Insects and pathogens frequently hide in the leaf axil, where the leaf joins the plant.
Select plants that are sturdy, clean, well-rooted, shapely, and well-covered with leaves. Plants should be free of insects and diseases. Inspect the undersides of the foliage, the leaf axils (see photo at right), and the root system for signs of insects or disease. Avoid plants with spindly growth, spotted or yellow leaves, brown leaf margins, or wilted or water-soaked foliage. Plants that have good color and leaf buds along with young growth are usually of high quality. It is easier and cheaper to select a plant that matches the environmental conditions in your residence or office than it is to alter the environment to suit the plants.
Getting your plant home
Extreme temperatures can damage plants. A temperature range of 50º to 85ºF (10º to 30ºC) is recommended to avoid damage. In the summer, avoid placing plants in a closed car where the temperature will rise, destroying the plants in a short period of time. Shade them with a plastic bag or sheet during transport if they are exposed to direct sunlight.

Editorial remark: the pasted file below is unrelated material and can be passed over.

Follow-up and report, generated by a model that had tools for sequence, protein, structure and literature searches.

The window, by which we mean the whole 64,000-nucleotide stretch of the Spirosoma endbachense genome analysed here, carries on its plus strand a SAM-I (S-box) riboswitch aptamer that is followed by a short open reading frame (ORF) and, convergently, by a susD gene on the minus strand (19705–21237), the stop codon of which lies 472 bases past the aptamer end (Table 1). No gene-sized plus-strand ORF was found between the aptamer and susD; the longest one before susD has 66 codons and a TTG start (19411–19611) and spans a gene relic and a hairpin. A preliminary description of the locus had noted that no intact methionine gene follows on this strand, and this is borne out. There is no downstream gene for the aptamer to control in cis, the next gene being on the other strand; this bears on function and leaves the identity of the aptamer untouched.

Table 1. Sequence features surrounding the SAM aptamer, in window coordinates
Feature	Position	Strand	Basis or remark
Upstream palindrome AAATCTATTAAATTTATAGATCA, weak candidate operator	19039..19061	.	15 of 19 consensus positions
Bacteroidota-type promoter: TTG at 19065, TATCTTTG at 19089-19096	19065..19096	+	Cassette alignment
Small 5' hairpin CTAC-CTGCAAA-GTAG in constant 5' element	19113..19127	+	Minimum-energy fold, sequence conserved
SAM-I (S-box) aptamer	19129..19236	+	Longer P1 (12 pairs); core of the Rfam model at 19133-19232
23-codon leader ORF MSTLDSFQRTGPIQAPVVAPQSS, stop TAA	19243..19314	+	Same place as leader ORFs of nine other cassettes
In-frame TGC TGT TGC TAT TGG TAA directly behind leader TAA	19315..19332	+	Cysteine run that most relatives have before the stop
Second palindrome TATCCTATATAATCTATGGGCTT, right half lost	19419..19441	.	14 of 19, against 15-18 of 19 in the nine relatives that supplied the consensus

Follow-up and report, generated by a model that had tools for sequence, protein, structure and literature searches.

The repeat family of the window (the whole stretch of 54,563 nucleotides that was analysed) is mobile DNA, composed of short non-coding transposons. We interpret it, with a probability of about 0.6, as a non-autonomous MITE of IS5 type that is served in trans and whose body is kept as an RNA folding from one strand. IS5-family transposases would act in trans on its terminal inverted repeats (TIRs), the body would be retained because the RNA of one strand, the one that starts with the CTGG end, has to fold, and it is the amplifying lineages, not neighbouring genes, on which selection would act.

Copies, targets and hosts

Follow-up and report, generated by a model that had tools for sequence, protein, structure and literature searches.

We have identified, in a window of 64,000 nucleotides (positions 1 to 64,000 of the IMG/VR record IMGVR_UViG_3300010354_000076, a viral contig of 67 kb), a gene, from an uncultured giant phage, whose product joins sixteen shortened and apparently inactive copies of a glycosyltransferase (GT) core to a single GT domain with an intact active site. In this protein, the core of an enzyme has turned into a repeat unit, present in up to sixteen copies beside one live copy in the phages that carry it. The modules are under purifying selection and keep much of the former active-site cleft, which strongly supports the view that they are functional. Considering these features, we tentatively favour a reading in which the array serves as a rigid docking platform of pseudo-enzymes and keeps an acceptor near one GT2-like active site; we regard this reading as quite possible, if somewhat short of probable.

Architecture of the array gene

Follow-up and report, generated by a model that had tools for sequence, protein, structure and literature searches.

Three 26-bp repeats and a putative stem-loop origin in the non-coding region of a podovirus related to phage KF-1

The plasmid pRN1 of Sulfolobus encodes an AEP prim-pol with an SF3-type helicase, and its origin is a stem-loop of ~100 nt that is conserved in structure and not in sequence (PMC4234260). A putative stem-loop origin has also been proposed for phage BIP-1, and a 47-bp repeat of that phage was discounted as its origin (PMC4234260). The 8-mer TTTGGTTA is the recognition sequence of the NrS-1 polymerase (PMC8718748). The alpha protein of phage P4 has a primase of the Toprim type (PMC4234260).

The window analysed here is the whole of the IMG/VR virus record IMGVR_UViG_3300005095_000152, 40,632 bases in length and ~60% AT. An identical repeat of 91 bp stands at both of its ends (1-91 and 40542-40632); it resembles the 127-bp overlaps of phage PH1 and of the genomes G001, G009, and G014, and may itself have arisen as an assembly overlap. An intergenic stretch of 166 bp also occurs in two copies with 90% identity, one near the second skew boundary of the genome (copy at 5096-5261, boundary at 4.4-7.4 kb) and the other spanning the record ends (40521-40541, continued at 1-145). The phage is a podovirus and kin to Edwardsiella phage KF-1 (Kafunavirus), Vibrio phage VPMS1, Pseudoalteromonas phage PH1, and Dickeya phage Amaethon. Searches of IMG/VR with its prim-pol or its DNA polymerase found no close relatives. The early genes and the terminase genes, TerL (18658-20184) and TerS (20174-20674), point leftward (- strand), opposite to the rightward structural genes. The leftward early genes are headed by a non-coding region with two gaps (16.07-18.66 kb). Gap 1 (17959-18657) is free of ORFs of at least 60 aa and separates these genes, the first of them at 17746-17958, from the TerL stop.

If temperatures are near freezing, wrap plants thoroughly before leaving the store. Even brief exposure to very low temperatures can kill or severely damage tropical plants. Wrap plants thoroughly with newspaper or a bag, and place them in the front of the car with the heater on.
Helping your plant adjust to its new home
Because nurseries often grow tropical plants under high light intensity, these plants have so-called 'sun leaves' (pdf) that are structurally different from the leaves of plants grown in shade (shade leaves). Sun leaves are thicker, smaller in surface area, and photosynthetically less efficient than shade leaves. If these same plants are placed in low light, they usually drop their sun leaves and grow a new set of shade leaves, which are photosynthetically more efficient. To reduce the shock that occurs when a plant with sun leaves is placed in shade, gradually reduce the light levels to which it is exposed. This process is called acclimatization.
Before placing indoor plants outdoors in summer, acclimatize them by gradually increasing light intensities and then reversing the process before plants are brought indoors in the fall. Acclimatize newly purchased plants by initially locating them in a high-light (southern exposure) area and gradually reducing their hours in that area over a 4- to 8-week period before moving them to a permanent, darker location.
Plants Indoors: Selections for various environmental conditions. UC. Buy leaflet